A recent report by Transparency International (TI), entitled: “Camouflaged Cash: How Security Votes Fuel Corruption in Nigeria,” which was unveiled in Abuja by the Civil Society Advocacy Centre (CISLAC) revealed that the Federal and state governments spend N241 billion on security votes annually. According to the report, the funds, known as “security votes” are a relic of military rule, mainly disbursed in hard cash and nominally released for dealing with unexpected security issues.
Although disbursed by the federal and state governments, most of it is disbursed by the latter. CISLAC said that the security votes were more than the combined annual budget of the armed forces, while TI’s Director of Defence and Security, Katherine Dixon, said the security vote is one of the most durable forms of corruption operating in Nigeria today. TI also noted that instead of addressing its many urgent threats, the ever-increasing use of security votes is providing corrupt officials with an easy-to-use and entirely hidden slush fund.
The group observed that the spending “is not subject to legislative oversight or independent audit because of its ostensibly sensitive nature” stressing that “the funds were channelled into political activities such as election campaigns or embezzled outright.” TI also observed that “today, security votes are budgetary black boxes that are ripe for abuse by politicians seeking reelection or officials looking for to run for political office.”
Similarly, CISLAC Executive Director, Auwal Musa, said that the Nigerian security vote was more than 70 per cent of the annual budget of the Nigeria Police Force and almost three times the United States security assistance since 2012.” Musa pointed that the vote was also more than 15 times the United Kingdom counter terrorism support for 2016-2020.
What the report said on security vote is not strange to informed Nigerians. The report has only confirmed what many Nigerians know. It is indeed worrisome that security vote, which is unknown to the 1999 Constitution, should be used as a conduit pipe to siphon federal and state funds. Since security vote is a stranger to the extant constitution, it is, therefore, a constitutional aberration that must be done away with. It is an anomaly that security vote is determined by those in power without any legal backing or checks and balances. It is alien to the constitution or any other statute. Because nobody monitors the use of security vote, there is a huge problem. It is, indeed, high time this unconstitutional act was stopped.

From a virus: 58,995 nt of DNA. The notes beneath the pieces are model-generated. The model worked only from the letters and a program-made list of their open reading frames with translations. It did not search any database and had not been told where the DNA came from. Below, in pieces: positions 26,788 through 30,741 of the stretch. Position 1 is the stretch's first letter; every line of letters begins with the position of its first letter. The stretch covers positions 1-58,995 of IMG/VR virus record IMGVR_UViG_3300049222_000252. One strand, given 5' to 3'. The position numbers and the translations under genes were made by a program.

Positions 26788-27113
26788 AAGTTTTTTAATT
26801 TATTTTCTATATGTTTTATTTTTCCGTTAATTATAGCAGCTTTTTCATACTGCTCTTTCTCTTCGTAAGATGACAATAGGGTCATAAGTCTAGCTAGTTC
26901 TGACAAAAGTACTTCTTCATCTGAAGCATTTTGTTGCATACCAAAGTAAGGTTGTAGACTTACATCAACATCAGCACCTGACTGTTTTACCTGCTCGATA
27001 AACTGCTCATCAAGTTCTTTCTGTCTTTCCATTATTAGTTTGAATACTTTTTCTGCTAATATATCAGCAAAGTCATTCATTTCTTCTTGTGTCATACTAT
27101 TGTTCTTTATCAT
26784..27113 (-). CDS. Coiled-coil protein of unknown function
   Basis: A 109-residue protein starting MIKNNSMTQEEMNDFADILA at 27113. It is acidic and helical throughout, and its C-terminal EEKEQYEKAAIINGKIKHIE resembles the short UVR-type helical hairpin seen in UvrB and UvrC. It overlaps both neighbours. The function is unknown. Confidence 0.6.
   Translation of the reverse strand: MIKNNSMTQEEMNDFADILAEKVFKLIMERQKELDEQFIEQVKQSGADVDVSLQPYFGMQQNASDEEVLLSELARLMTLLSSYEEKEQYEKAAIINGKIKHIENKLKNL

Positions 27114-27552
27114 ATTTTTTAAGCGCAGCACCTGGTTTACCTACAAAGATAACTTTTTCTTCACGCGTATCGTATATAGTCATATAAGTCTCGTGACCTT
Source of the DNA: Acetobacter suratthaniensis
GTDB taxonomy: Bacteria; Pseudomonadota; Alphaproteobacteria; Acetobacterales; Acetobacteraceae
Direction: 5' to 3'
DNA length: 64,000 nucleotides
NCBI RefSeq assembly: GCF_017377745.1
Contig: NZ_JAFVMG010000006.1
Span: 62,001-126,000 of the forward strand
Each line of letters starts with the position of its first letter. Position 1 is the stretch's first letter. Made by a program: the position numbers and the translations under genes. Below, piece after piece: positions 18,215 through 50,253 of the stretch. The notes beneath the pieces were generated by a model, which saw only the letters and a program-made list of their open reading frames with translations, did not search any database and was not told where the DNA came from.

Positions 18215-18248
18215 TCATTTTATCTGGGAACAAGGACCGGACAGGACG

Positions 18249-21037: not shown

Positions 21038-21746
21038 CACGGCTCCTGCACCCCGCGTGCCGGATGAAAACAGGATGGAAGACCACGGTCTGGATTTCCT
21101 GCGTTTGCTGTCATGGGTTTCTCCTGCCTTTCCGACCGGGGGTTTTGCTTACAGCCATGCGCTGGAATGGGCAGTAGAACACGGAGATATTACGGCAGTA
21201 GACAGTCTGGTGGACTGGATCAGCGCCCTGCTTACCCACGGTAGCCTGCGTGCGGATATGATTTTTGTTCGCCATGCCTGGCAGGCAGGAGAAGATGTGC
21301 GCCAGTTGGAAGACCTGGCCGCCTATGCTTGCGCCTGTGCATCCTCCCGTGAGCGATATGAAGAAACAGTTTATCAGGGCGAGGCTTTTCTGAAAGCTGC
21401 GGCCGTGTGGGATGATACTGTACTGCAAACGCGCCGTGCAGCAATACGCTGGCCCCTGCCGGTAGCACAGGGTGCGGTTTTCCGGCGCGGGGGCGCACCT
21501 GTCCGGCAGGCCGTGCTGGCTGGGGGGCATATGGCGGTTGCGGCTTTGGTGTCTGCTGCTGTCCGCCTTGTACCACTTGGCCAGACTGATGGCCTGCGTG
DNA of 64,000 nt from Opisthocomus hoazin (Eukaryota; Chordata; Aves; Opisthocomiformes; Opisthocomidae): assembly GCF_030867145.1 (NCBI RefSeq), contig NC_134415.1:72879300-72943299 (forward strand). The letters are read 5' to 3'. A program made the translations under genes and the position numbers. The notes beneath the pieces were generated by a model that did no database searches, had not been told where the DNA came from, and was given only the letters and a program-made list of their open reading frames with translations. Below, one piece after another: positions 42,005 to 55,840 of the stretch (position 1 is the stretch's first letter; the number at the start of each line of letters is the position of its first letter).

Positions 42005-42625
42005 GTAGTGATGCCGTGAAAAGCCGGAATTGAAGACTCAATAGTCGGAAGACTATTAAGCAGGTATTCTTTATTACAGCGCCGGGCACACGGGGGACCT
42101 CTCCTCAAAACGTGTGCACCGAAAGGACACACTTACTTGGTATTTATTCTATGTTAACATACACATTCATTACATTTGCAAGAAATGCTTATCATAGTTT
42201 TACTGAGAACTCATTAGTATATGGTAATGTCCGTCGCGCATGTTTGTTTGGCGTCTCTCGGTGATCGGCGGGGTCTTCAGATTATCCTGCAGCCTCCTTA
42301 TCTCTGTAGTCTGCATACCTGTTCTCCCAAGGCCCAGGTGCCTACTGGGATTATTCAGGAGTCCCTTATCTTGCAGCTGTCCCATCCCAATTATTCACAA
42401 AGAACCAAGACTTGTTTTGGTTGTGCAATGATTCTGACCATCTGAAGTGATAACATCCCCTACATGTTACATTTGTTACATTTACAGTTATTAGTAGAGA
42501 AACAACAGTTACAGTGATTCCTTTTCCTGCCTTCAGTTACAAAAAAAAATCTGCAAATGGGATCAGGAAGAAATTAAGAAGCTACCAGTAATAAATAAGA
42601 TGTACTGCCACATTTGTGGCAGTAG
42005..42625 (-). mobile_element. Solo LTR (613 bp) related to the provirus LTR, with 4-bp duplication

It appears that there is a conspiracy of silence over the abuse of security vote. This is one of the reasons Nigeria is regarded as one of the most corrupt countries in the world. States and federal lawmakers should come up with laws that will criminalise security vote. Instead of security vote, let the security agencies be given adequate funding in the annual budget. If there is need for more funds for security, extra budgeting can take care of it.
The current fight against corruption can gather more verve if security vote is outlawed. The federal government should lead and show example in the campaign against security votes.
The general insecurity in the country has not justified the need for security votes. Since security votes fuel corruption, let the aberration be stopped forthwith. All government’s funds can only be used if duly appropriated. There should be no room for slush funds for political office holders.